Citizens' information can help determine impaired lakes and rivers
MADISON Citizens around Wisconsin are invited to submit information they've collected about streams, rivers and lakes to feed into the state's biennial process for determining which waters do not meet water quality standards.
The Department of Natural Resources will use information received by the close of business March 1, 2013, to help assess the condition of Wisconsin’s water bodies and develop the state’s list of impaired waters and biennial water quality report, which the agency must submit to Congress under federal Clean Water Act rules.
"DNR is committed to working together with our nonprofit partners, local governments, community-based water management organizations and citizens across the state to help meet our water quality data needs,” says Aaron Larson, DNR’s Impaired Waters List coordinator.
Every two years, people have the opportunity to submit their data for use in developing assessment reports that can help steer scarce state resources to clean up lakes and rivers. The department considers that information along with internal monitoring data and other assessments.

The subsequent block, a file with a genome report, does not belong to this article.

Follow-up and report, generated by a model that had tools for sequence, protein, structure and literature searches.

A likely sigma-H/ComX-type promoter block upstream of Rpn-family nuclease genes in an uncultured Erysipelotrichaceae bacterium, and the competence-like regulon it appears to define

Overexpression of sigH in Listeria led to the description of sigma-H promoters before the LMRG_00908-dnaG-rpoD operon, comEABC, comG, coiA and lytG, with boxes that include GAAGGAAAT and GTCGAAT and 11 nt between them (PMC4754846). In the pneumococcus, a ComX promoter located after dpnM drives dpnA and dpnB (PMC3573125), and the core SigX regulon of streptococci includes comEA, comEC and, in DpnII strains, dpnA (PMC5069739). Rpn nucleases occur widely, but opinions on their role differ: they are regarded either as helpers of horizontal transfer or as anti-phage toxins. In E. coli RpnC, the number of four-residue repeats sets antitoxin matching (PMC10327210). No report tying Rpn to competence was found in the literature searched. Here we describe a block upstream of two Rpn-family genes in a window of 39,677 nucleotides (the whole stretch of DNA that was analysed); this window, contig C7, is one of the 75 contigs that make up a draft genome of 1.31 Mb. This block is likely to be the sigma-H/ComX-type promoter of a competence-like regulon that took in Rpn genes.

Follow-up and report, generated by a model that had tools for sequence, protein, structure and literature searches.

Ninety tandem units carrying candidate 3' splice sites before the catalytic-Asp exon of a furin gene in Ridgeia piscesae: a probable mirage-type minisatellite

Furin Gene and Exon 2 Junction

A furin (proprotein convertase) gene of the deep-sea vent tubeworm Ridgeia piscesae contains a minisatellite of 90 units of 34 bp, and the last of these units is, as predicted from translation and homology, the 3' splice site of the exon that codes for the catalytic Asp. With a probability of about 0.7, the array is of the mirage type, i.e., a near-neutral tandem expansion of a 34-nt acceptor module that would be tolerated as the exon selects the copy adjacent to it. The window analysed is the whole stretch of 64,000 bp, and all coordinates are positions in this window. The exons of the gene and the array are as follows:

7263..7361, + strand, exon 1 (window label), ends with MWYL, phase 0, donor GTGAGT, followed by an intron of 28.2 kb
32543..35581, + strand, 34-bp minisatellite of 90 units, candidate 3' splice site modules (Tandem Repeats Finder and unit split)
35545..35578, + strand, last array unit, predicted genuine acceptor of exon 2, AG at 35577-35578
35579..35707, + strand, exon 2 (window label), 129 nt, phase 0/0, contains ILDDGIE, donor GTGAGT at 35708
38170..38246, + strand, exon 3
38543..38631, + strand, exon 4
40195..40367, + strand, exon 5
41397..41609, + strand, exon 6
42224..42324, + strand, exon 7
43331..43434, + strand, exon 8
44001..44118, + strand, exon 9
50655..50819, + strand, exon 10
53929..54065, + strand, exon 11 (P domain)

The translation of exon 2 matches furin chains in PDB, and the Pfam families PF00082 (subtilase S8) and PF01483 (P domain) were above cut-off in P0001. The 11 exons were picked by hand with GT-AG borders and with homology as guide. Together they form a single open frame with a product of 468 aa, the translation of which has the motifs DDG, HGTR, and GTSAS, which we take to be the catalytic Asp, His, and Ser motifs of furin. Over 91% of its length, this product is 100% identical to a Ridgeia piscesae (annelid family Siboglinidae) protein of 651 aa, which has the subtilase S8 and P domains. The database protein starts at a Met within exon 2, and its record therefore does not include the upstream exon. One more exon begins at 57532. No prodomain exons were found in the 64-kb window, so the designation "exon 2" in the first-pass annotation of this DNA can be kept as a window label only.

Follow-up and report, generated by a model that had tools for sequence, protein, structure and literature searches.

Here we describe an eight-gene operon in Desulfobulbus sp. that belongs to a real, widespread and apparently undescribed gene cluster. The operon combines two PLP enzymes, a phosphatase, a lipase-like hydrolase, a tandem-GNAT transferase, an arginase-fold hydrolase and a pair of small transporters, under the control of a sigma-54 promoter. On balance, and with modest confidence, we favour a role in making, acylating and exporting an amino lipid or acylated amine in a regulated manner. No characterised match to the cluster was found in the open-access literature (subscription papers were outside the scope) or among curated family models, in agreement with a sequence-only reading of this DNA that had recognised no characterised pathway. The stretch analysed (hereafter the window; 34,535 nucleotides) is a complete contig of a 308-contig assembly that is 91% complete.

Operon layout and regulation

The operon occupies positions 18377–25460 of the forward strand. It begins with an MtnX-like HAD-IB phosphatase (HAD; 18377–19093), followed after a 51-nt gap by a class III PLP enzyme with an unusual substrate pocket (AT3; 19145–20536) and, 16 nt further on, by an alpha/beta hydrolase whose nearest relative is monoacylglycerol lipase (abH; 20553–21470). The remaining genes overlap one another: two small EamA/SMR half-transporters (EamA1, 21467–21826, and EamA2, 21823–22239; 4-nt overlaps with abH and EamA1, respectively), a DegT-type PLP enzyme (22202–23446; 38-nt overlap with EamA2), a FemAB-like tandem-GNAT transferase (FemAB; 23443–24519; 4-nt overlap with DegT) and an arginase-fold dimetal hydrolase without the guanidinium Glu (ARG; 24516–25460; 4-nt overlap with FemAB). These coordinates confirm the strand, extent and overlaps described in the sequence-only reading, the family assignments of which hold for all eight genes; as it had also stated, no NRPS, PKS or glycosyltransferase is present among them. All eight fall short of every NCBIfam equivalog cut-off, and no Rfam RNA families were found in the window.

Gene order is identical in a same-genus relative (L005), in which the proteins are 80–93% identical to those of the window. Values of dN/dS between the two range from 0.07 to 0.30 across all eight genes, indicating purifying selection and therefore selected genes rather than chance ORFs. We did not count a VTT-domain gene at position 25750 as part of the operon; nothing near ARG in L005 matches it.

“Water quality data from our partners are used to compare against standards, which is often the first step in the management of our water resources. Assessing these data helps us determine the health of a lake or stream, and which management actions may be necessary to improve water quality," says Larson.
The agency is interested in receiving all types of water quality data and information for lakes and rivers – called surface waters – particularly data collected between January 1, 2003, and December 31, 2012. Data must be submitted in a specific format to allow for efficient analysis, and meet the quality assurance and regulatory decision-making needs associated with these programs.
More information about data quality requirements and how to submit data can be found on the DNR’s water quality assessment page.